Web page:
is found to be mental ly retarded? that's the issue. want to bring in cnn legal contributor paul callan. thank you both for joining me. i want to start with brian. 13 years ago a team of doctors said he was not mentally retarded. they have since come forward and said their original determination was extremely and unusually rushed and not conducted of an accurate assessment of mr. hill's condition. they now say, though, he is mentally retarded. what does that mean for his case? he's set to die on tuesday. >> i'm hoping that it will be something that is reconsidered by decision makers in this case. there's now no dispute amongst any of the experts who have evaluated mr. hill over the last 32 years that he is mentally retarded. so i am hoping that the board of pardons will reconsider its denial last year of clemency. we've filed a court action in state court to ask a judge to reconsider the mental retardation claim based on this new information. >> we were talking during the break and you said your client, warren, is afraid. what's the next step for your client? >> mr. hill is waiting for
all the developments mean with cnn legal contributor paul callan. >>> developing overnight, the search is on for victims in the rubble of a done town kansas city restaurant after a natural gas explosion. take a look at those pictures. it was happy hour at j.j.'s one of the city's most popular restaurants, when the explosion literally ripped the roof off. residents nearby say a lot of the buildings shook. two people are missing and dozens were hurt in the blast and fire which may have been triggered by an accident involving a utility contractor. cnn's ted allow larowlands is l kansas city for us. >> reporter: at this point, they have suspended the search for the two missing people, a man and woman. the explosion took place just after 6:00 last night at a very popular restaurant which is now completely gone. the explosion can which witnesses say could be felt blocks away instantly engulfed brie flying into the air. >> i just live two blocks down. brie flying into the air. >> i just live two blocks down. we felt it shaking. >> reporter: reports of the smell of gas an hour before the explo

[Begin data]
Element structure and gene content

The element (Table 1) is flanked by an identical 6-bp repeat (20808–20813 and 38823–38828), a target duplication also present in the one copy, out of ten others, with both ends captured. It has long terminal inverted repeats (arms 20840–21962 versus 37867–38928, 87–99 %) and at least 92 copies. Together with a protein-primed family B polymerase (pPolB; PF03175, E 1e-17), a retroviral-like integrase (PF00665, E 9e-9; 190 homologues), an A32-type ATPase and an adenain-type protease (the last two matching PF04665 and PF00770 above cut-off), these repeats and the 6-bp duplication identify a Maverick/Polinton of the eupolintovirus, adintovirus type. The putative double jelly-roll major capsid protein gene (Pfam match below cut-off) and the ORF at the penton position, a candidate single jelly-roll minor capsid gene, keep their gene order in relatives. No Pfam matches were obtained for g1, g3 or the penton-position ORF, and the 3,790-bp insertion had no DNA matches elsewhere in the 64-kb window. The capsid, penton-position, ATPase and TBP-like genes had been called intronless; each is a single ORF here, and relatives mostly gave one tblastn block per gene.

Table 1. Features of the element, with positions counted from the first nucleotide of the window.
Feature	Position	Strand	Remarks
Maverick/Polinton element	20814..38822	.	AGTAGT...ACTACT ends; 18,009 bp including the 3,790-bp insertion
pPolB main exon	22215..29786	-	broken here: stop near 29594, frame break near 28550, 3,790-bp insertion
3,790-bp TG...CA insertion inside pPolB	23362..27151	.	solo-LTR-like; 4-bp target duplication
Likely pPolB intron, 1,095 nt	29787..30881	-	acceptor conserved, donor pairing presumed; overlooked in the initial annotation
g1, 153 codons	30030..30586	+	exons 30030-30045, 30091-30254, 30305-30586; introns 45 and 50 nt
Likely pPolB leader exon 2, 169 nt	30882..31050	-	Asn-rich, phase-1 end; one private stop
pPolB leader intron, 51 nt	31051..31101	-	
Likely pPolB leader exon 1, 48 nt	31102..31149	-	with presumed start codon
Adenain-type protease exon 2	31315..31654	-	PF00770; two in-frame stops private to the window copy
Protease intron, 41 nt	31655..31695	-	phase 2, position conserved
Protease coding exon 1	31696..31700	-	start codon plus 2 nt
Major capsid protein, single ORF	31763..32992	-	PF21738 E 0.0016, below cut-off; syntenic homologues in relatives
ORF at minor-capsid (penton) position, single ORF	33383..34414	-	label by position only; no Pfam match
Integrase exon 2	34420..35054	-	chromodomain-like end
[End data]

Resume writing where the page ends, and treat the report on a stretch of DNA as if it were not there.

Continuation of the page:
contributor paul callan joins me now for more. have you ever heard of a case like this, paul? it's almost something you would expect to come out of hollywood. >> it sounds like a hollywood script. i was a homicide prosecutor here in new york, involved in serial killer cases. this is the scariest one i've ever seen. he is a trained, military guy, lieutenant in the navy. he is a trained police officer and he's holding off, literally, thousands of cops who are searching for him. so very, very dangerous, very scary situation. >> and i'm hoping that he turns himself in and there is no more violence. but if he were to be caught, what possible defense could he have? >> the thing i'm concerned about as far as lieutenant dorner is -- i call him lieutenant because he was a military man. he is facing the death penalty if he does not voluntarily surrender. obviously, he is familiar with the concept of suicide by cop, which is you fight the police with weapons. they're going to shoot you. that's what's going to happen to him at some point in time when he's found. so the death penalty is a certainty wi
. cnn contributor paul callan joins me from new york and in studio with me, former fbi special agent harold copis. let's start with you, harold. the lapd has said they have not ruled out foul play. how can this be anything but foul play? >> there's no way. you know it's got to be. someone had to take the body up there, put it in the tank, thinking they were going to hide it and never be found. >> yeah. when they say that maybe, it's almost -- it almost has to be, right? >> there has to be. there's no way you could go through the hatch, an individual. this is not a huge individual. go through the hatch, get on the roof, climb the ladder to get to the platform where the tanks are, put a ladder on that tank, climb up, open the top, get in, close it and die. no way. >> let's talk about the hotel and liability. the hotel says that the door to the rooftop was locked, but there was no lock on the water tank where lam's body was found. how much of a liability is this for the hotel, not having that tank locked? >> well, believe it or not, as horrible and disgusting as this case is, the body m